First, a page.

Persistent trend of low stocks, high prices end the year

Eighty-five cash sales of residential properties priced at $1 million or more took place in 2021, up 34 units from the previous year. La Plata County’s most expensive home sale of 2014 was this $3.35 million, 5,587 square foot home on Celadon Drive near Glacier Club. (Jerry McBride/Durango Herald file)

Total real estate sales in 2021 hit more than $1.6 billion in La Plata County, setting a record for the area and sending another scare into the air for the working class as local leaders apply a magnifying glass to the housing crisis.

Year-end real estate statistics released this week by the Durango Area Association of Realtors reveal residential inventory continues to decline while selling prices soar.

The total volume of all real estate sales last year, including residential, land and commercial sales, was $1,653,756,762, according to year-end data released by DAAR.

La Plata County’s total sales volume of townhouses, country homes, and condos/townhouses alone was $1.4 billion.

Heather Erb, general manager of the Durango office of Coldwell Banker Distinctive Properties, said in an email to The Herald of Durango that the lack of inventory drives prices so high that the county can achieve a higher value of homes sold despite lower overall sales.

“Until we see more inventory, we will continue to see prices rise,” Erb said.

She said expected mortgage interest rate increases in 2022 will put some pressure on buyers, but that won’t be enough to make a difference to how the market ultimately shapes up this year.

“Luxury home sales have also significantly increased the (price) volume of home sales,” Erb said. “If you want to see the effect of luxury sales on the market, take anything that sold over $1M in 2020 and 2021. The number of MLS home sales in this segment increased by 86 % in one year !

Rick Lorenz, broker at Durango Wells Group Real Estate, said he also thinks some buyers might be deterred from jumping into the market if the federal government raises mortgage interest rates, which would help inventory a bit. .

Record sales have troubling implications for workers such as teachers and nurses, Lorenz said. He noted that even lawyers could struggle to find housing in Durango if prices continue to rise at the rate they have been.

Lorenz warned that Durango is set to become the next Telluride, where the working class has been pushed out of town, and wondered if this community would of course correct its real estate trajectory if given another chance.

The broker echoed many of the sentiments that could be heard at recent housing meetings hosted by the La Plata County Economic Alliance and the Durango Chamber of Commerce. He said NIMBYism (not in my back yard) isn’t helpful and he’s worried about young professionals if home prices continue to climb while the number of available units continues to drop.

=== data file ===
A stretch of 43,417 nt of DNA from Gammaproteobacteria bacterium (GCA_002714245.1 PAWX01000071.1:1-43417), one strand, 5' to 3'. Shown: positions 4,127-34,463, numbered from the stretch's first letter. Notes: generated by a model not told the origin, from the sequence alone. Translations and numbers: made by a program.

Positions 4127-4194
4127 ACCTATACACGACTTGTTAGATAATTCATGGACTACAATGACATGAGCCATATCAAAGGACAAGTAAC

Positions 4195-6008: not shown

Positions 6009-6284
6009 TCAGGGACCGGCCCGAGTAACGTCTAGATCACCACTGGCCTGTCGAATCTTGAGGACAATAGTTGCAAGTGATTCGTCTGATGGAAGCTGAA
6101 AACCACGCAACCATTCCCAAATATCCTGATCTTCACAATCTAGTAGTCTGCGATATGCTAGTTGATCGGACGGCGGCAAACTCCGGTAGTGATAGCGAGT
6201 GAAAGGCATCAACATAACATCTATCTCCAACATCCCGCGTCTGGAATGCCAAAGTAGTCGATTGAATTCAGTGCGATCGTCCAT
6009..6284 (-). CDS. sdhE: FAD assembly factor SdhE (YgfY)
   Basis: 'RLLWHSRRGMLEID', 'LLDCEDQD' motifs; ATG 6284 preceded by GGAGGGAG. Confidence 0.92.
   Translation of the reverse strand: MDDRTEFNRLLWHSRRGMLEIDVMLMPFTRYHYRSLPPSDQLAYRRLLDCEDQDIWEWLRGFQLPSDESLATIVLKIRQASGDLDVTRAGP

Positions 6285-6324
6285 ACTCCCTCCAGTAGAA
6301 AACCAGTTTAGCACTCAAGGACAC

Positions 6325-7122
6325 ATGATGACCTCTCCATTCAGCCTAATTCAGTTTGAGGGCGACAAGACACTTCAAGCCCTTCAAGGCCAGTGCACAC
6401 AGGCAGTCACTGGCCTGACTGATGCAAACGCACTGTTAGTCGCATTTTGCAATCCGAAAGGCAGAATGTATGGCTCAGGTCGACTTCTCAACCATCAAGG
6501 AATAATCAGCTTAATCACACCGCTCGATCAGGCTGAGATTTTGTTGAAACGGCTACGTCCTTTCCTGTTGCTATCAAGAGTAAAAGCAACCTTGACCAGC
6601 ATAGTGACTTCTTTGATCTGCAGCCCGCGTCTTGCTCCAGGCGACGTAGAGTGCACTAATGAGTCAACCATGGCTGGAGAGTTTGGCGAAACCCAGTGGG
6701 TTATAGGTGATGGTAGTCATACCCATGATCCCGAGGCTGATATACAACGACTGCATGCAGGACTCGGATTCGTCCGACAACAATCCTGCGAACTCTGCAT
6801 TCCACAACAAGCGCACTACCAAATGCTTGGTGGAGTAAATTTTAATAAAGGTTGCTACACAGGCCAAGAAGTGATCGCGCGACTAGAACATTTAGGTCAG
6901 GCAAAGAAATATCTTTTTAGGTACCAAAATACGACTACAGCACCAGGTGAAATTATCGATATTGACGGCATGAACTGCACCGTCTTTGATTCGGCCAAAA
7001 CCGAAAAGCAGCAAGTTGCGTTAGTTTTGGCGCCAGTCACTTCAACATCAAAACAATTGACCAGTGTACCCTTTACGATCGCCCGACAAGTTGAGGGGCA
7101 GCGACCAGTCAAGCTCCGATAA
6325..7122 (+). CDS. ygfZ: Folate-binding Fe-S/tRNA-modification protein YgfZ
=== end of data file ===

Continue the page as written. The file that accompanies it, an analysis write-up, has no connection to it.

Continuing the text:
Lorenz said that three or four years ago, 400 units available was considered low inventory. Only 110 residential units were available as of Dec. 31, according to its data.

Homes in the town of Bayfield sold for a median price of $399,000 last year. In 2020, homes in town sold for a median price of $331,500, according to data from the Durango Area Association of Realtors. (Courtesy of Bayfield Realty Record)

DAAR statistics show that 182 residential units priced at $1 million or more were sold last year compared to 98 units priced over $1 million sold in 2020. Despite the fact that the number of units priced of $1 million or more nearly doubled in 2021, the total number of units sold across all price ranges decreased slightly from 1,456 units to 1,420 units.

The median price of 181 Durango townhouses sold last year was $650,000, an increase of $75,000, or 13%, over the median price of 216 Durango townhouses sold in 2020.

In Bayfield, 65 town homes sold for a median price of $399,000 last year, compared to 80 town homes selling for a median price of $331,500 last year.

Lorenz said in a written analysis that while average and median home prices have increased noticeably, “properties over $1 million really have a major impact on total dollar volume.”

He said the number of buyers buying homes with cash increased significantly last year compared to 2020. There were 85 cash purchases on units priced at or above $1 million l year compared to 51 cash purchases the year before, according to Lorenz data.

Cash purchases of properties priced at $1 million or more accounted for 46.7% of sales in that price category, he said.

Lack of inventory is driving up home prices across the county. DAAR Board Chairman Lois Surmi said the current market is a seller’s market in a December interview with the Herald.

Lorenz agreed that a lack of inventory helps drive up the prices of inventory units due to the economics of supply and demand. He said the sales were also driven by the fear of missing out on the opportunity to buy a given unit. Some buyers are also willing to pay above the market listing price.

It’s not too uncommon for a buyer to sometimes pay a few thousand dollars above the listing price, he said. But more recently, he’s worked with people who spent $200,000 above the listing price.

The La Plata County Economic Development Alliance recently received a grant from the Colorado State Rural Economic Development Initiative in partnership with the City of Durango.

Michael French, executive director of the alliance, said the money will be used to create “a workforce housing investment strategy or plan” aimed at helping resident workers find housing in an increasingly expensive real estate market.

To deal with the housing crisis, Lorenz said the expansion of utilities and greater residential housing development will be needed to meet the demand for more inventory.

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